by Roc Armenter, Federal Reserve Bank of Philadelphia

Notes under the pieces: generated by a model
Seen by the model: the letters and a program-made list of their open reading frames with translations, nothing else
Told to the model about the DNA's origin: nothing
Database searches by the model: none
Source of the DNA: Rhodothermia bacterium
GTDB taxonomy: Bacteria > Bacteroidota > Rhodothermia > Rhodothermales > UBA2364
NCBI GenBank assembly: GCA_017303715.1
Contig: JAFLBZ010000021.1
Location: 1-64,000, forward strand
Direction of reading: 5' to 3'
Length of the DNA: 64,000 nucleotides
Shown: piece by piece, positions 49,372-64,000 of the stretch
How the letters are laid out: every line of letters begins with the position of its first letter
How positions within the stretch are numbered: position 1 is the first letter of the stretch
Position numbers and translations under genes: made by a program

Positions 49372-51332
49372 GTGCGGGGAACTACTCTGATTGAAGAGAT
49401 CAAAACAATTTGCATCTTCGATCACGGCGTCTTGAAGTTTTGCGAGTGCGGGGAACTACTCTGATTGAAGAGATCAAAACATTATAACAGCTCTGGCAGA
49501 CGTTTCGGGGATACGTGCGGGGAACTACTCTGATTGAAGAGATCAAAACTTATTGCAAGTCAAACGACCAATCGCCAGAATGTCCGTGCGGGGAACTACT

Trade matters. International commerce accounts for almost one-fifth of the U.S. economy’s gross output. And by finding foreign markets for their goods, U.S. manufacturers provide jobs at home — even while competition from cheaper foreign goods may dampen domestic employment. Indeed, it is not a stretch to say that economics as a separate discipline was born from the observations of David Ricardo and Adam Smith on trade. But trade matters beyond its impact on national income. It affects domestic workers and firms that face foreign competition, and as a result, it is a recurrent topic of public discussion.